Here’s an excellent reading/listening on the theme of Windows Phone development: “Why developing apps for Windows Phone can be good for your career“. It comes from Nick Landry of Infragistics–a great guy I started hanging out with at conferences some 10 years ago at least.
Nick is also the guy who gave the first-ever Windows Phone presentation that my son Francesco attended at the age of 12 at DevConnections Fall 2010 in Vegas. All English, all techie, all alone (as I was having my own presentation in another room). I expected to find him crying alone hidden somewhere in the infinite space of Mandalay Bay Convention Center: instead he was entertaining other attendees at the end of the presentation and giving away my business cards 🙂
Nick knows his (mobile) stuff very very well because he has a long story of mobile development. I value his opinion tremendously and I was curious to learn his whys on Windows Phone development. I couldn’t agree more with the actual content of the interview, but I feel I need to summarize the facts in a slightly sharper way:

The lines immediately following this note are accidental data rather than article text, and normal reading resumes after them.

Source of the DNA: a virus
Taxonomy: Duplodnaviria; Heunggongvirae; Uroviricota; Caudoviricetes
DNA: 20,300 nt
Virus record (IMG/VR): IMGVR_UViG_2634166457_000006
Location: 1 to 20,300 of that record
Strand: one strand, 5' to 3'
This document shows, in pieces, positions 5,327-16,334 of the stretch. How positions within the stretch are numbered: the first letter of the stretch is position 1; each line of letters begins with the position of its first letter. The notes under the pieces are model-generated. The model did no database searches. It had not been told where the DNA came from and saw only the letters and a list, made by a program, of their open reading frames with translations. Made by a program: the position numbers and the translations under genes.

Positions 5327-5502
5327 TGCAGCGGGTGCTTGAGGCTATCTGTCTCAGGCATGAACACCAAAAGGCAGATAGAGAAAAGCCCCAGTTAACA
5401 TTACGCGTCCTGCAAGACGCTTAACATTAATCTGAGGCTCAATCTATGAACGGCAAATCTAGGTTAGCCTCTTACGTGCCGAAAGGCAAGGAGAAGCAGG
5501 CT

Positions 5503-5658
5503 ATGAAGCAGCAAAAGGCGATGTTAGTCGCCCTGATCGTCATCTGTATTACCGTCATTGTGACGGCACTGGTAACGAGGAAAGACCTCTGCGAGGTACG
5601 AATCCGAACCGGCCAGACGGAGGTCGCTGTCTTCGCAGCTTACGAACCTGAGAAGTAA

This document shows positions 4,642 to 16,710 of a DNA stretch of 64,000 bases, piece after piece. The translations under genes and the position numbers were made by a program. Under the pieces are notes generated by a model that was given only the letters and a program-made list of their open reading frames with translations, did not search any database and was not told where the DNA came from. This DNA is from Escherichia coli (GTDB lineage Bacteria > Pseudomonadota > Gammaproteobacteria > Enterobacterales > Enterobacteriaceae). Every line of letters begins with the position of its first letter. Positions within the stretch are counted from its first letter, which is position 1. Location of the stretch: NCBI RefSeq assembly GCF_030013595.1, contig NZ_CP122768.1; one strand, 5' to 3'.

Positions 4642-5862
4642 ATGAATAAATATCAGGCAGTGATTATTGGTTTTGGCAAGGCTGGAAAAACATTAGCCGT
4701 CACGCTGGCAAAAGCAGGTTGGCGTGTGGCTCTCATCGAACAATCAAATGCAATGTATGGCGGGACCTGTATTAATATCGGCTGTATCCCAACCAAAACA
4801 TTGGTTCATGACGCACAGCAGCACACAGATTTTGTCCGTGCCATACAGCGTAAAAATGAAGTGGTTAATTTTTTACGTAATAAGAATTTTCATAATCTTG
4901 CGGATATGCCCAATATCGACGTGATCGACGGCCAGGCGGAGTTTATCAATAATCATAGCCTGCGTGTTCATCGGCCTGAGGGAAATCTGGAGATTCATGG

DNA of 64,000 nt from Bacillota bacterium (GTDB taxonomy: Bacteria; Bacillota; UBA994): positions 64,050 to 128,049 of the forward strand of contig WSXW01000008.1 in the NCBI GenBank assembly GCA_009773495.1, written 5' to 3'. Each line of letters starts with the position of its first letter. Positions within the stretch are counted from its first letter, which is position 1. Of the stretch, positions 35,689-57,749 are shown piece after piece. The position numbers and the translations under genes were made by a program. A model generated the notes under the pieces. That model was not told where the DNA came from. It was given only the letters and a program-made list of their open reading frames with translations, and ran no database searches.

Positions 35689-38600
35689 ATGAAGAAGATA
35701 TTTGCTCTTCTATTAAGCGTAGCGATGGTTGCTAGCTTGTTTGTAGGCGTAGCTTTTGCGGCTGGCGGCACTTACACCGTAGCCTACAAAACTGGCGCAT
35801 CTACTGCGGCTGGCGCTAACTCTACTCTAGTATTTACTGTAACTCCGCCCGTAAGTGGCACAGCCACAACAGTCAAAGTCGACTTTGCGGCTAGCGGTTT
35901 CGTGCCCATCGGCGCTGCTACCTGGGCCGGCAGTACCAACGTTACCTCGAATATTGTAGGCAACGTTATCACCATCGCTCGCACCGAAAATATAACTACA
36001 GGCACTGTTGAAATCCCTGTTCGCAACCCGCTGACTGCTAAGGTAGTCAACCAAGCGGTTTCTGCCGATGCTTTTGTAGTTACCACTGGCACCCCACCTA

There’s no significant relevance for companies today in having a Windows Phone app out.
This means that it’s quite unlikely someone is willing to invest good money to port an app to Windows Phone. Let alone to create an app that primarily exists for Windows Phone.
Two days ago a customer asked a quote to port an iOS/Android app to Windows Phone and possibly Windows 8. I returned a quote that was significantly discounted and in no way was a good deal for me. But the customer asked for another significant discount and actually put it down sharply: either we make it out of this admittedly low budget or nothing.
In the end, grabbing Windows Phone skills may be anyway good for the career as it adds one more arrow to your quiver and for little. But does it really add good money to your bank account? On the other hand, as Nick says “If you don’t do it someone else will“. Or nothing happens at all, I’d add.
But Francesco (15 now) solved it saying “Dad, I have no costs or pain; for me it’s pure gain. I’ll take the project home.” So he did it for the admittedly low budget and for his (who knows) future career.
Is this a model that works?